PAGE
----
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Failure to communicate with the Boomers

Why do creative data analysts meet resistance? I’ve written about them before: many are young, they’re smart, and their credentials might still be slim. But they’re still a value to their employers, no matter who knows it yet.

At least some of it’s about Boomers vs. the up-and-comers. One corporate communications consultant I talked to, Liz Guthridge at Connect ConsultingGroup, has seen all this in action.

“Boomers are still interested in experts,” she says, “people with loads of experience and loads of credentials.”

Liz tells of one client, a Syracuse University alum, who hired a young guy as CIO. The newly hired young man was “impressive,” Liz recalls. Among other attributes, he had done a double major in college of public relations and information technology. This was his first job out of school.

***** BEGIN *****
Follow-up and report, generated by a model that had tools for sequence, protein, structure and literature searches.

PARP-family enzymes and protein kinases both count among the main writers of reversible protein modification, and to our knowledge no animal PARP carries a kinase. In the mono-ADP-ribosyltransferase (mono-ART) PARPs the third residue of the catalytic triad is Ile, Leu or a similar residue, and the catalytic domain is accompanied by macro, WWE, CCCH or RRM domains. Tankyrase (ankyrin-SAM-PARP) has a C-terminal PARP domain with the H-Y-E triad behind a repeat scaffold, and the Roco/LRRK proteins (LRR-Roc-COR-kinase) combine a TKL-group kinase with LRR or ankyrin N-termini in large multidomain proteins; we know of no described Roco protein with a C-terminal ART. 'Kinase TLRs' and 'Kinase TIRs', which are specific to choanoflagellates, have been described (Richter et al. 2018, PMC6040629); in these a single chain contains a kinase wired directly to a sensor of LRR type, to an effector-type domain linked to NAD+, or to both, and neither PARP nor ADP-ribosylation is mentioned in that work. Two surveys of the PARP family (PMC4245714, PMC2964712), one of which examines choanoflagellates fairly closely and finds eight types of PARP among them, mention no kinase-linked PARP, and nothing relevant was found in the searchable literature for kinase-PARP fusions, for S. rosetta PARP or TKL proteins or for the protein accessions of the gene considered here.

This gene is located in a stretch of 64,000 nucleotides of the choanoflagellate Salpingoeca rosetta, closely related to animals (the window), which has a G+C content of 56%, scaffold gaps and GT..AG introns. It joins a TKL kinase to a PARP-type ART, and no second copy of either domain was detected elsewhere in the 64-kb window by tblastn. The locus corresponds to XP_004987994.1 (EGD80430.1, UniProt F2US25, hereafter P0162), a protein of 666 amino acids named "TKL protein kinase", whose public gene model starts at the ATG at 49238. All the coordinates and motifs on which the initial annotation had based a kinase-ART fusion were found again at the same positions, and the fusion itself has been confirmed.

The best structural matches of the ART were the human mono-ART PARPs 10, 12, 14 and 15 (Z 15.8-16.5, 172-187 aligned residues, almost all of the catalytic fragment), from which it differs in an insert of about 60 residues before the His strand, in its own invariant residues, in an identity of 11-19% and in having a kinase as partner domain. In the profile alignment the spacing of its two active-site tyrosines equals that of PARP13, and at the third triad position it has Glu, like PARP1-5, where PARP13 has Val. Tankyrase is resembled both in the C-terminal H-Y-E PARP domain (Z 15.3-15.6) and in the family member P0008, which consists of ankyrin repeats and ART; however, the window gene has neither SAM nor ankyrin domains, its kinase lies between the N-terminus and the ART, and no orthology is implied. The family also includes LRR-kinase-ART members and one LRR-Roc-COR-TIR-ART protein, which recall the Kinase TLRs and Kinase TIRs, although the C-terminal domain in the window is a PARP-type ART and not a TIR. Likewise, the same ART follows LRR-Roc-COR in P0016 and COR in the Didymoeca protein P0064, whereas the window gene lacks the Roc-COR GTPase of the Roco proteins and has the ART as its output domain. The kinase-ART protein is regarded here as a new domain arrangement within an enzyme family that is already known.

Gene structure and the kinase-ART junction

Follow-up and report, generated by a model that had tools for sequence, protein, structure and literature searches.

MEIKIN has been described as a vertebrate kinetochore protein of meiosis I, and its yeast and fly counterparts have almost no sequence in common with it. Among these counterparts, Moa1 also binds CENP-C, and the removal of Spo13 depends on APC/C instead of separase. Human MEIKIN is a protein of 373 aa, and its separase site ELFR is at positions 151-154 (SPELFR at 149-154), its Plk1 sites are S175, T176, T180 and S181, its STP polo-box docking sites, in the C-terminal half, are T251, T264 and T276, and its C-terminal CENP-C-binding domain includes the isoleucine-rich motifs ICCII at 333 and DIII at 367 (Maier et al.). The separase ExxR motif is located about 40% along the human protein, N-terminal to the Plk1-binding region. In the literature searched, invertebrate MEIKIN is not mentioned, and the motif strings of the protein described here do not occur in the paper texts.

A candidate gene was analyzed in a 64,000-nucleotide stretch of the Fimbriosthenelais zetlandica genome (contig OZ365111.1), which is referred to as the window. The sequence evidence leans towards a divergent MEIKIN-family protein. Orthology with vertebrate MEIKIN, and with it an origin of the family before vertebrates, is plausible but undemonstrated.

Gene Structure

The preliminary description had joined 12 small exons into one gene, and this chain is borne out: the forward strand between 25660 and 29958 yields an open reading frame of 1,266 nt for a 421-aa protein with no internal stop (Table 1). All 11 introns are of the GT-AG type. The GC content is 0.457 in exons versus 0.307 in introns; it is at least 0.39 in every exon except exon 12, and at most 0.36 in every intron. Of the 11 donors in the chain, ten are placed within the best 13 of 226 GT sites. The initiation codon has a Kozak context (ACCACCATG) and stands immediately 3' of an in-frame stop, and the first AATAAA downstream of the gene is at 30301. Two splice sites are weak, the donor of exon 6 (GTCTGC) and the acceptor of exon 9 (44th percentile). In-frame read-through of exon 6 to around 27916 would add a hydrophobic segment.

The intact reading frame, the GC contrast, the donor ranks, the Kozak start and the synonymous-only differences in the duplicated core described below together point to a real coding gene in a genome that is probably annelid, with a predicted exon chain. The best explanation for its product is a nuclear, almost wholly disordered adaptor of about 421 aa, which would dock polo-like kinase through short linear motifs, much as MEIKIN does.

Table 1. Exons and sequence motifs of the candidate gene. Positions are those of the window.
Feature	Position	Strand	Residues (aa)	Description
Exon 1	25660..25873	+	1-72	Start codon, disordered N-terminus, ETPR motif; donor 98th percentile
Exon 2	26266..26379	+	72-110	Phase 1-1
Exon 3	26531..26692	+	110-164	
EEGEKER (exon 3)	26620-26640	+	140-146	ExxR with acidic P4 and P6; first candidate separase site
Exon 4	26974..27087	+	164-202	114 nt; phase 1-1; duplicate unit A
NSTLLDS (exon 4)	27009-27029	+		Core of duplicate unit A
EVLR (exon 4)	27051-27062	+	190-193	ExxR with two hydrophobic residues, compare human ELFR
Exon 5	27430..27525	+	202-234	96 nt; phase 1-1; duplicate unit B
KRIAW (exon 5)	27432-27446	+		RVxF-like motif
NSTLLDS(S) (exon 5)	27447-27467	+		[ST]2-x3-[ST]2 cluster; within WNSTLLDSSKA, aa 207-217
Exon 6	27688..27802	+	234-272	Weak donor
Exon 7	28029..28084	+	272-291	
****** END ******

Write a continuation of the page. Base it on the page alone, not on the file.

The client, she says, kept belittling his knowledge — even though he was, Liz says, “really solid.” The problem was in the way the new CIO communicated with the boss.

Liz has advice for younger people with important things to tell their Boomer bosses. The first three points:

1. Think of the exchange from the senior person’s point of view. Since boomers love experts, always provide proof points. And not from Twitter but from boomer-recognized sources like the Harvard Business Review.

2. Network from the bottom up. Find out who the senior person listens to and talk to them. No explicit appeals, just talk.

3. Use the senior’s preferred communication channel. The woman who hired the CIO liked to schedule phone calls, not email or text.

The young CIO, she tells me, is still on the job, though he’s cut back his hours.

One comment

  1. Aravind says:

    Very solid advice. Such practices (when the current gen understands and speaks in a language that the Boomers best understand) will go a long way in bridging the generation gap.

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